How to turn junk into gold by telling a story

The year was 1347, the night was frozen, and the townspeople were desperate.

It was all because an ill-tempered tsar, in a fit of pique, had outlawed fire in the tiny hamlet of Dnobst. The frostbitten citizens, facing certain death, prayed for a savior. None guessed that it would come in the form of Vralkomir, the strange little cobbler whom most of them had tried to avoid.

Figurine of St. Vralkomir (glass cover not included)

Figurine of St. Vralkomir (glass cover not included)

Alright, I admit it—this story isn’t exactly true. But what is real is that it was responsible for a 6,350 percent increase in the value of a nearly worthless piece of junk. In other words, it’s proof that a story can generate a ton of money.

The backstory originates with Joshua Glenn and Rob Walker, a pair of ingenious writer/researchers who in 2009 created the Significant Objects Project, an experiment to test whether a story—the attachment of a character-driven narrative—can increase the sale price of an otherwise unremarkable item.

Glenn and Walker scoured urban thrift shops and purchased dozens of trinkets, then gave each one to an accomplished writer. Their assignment: craft an engaging story, the more ridiculous the better.

One hideous trinket, a broken plastic doll with a felt moustache, was given to the novelist Doug Dorst. He conjured the aforementioned Vralkomir, whom he dubbed “the patron saint of extremely fast dancing.” By Dorst’s telling, the townsfolk on that cold winter night were huddled in the home of the mayor. They watched in amazement as Vralkomir dragged a giant log into the town square and cut one end of the log into a disc. Vralkomir jumped up on the disc and commenced to dancing so frantically that sparks from his heels soon ignited the wood, whereupon it burst into flames. Dnobst was saved.

“No one else in the village,” writes Dorst, “could duplicate his feat of terpsichorean ignition, and he died of exhaustion in mid-April, a beloved martyr.”

Glenn and Walker took this silly essay, which totaled 660 words, and posted it with a picture of the trinket on eBay. No explanation or fanfare. Sale price TBD. They simply let the bidding begin. And, as outrageous things often do on the internet, it went viral. By the time the sale closed, this doll, purchased for just $3, sold for $193.50. Overall, more than 100 items collectively saw a 2,706 percent increase in value.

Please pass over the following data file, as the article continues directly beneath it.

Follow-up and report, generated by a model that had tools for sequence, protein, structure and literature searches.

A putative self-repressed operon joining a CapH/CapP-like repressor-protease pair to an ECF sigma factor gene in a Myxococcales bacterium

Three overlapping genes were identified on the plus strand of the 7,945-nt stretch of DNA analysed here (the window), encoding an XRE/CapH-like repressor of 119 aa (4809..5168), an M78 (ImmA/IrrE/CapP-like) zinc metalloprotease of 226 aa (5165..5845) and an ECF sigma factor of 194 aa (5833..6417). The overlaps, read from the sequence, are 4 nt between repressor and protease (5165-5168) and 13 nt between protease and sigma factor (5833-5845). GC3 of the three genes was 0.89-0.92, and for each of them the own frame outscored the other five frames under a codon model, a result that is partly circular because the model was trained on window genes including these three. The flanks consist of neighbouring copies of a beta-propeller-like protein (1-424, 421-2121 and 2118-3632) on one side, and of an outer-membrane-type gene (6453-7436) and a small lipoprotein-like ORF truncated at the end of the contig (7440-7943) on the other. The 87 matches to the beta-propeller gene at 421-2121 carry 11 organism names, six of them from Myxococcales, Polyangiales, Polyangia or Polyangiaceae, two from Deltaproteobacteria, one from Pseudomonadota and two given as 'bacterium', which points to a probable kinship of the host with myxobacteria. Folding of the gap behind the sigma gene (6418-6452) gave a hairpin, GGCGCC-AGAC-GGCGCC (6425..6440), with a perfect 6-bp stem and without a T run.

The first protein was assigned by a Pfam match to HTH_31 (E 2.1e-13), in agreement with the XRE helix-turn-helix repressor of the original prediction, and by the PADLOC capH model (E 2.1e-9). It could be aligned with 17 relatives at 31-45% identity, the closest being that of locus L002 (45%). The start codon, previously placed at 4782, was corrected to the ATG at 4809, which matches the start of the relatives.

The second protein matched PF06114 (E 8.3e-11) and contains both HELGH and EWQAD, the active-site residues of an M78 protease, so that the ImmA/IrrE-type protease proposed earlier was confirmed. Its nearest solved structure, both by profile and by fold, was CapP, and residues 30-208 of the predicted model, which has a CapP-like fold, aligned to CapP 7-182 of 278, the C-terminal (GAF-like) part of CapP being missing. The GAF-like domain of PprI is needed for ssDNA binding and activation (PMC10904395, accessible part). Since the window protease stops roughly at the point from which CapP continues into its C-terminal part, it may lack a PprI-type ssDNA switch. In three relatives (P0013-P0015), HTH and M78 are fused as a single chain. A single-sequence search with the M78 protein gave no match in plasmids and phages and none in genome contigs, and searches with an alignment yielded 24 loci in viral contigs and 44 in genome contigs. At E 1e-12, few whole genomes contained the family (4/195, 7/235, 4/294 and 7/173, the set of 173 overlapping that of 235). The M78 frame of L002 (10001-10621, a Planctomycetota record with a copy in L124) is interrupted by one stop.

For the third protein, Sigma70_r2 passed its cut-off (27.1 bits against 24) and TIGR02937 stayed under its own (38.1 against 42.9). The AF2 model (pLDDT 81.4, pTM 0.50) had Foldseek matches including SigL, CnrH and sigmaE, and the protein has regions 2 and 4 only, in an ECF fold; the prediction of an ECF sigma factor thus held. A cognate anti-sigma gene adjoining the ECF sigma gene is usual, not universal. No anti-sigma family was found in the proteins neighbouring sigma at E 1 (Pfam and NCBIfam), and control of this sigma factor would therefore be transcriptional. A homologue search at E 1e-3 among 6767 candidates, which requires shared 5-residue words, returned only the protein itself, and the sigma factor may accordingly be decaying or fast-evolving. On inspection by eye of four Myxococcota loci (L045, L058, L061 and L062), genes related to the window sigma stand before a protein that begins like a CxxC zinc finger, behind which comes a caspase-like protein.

The Significant Objects Project proves that stories can generate money for little pieces of junk. But is that true elsewhere? Would you ever be so irrational as the person who paid a $190 premium for the “Figurine of St. Vralkomir (glass cover not included)”?

Of course you would. We do it all the time. Consider the purchases you make, both large and small. For example, for every iPhone sold, Apple clears about $400 in profit. People know rationally that it’s overpriced and that cheaper alternatives exist, yet they buy it in droves.

“There is something hardwired in us to want things to be meaningful.”

This is due to our innate human desire to engage with the idea behind an item and the emotions, people, and experiences we associate with it. As Glenn put it, “There is something hardwired in us to want things to be meaningful.”

This is the heart of branding. A brand is an illogical thing, a swirl of emption and subconscious association that carries our minds beyond rational analysis and into the deeper wellsprings of status, identity, and dreams. Businesses with powerful brands understand that branding is anchored in storytelling: brands are birthed in original stories, and nurtured continually in the ongoing narratives they share with customers.

Storytelling brings a brand alive by engaging customers personally to a company’s products, people, and services. Many shoppers are hungry for the backstories about everything from why a business exists to where its products come from, and how employees take pride in being part of something bigger than themselves.

A smart company should use its marketing channels to highlight these human experiences and invite customers to respond with stories of their own. Try it, and you’ll find that the higher the meaning people associate with your business, the less concern they’ll have about the prices you charge.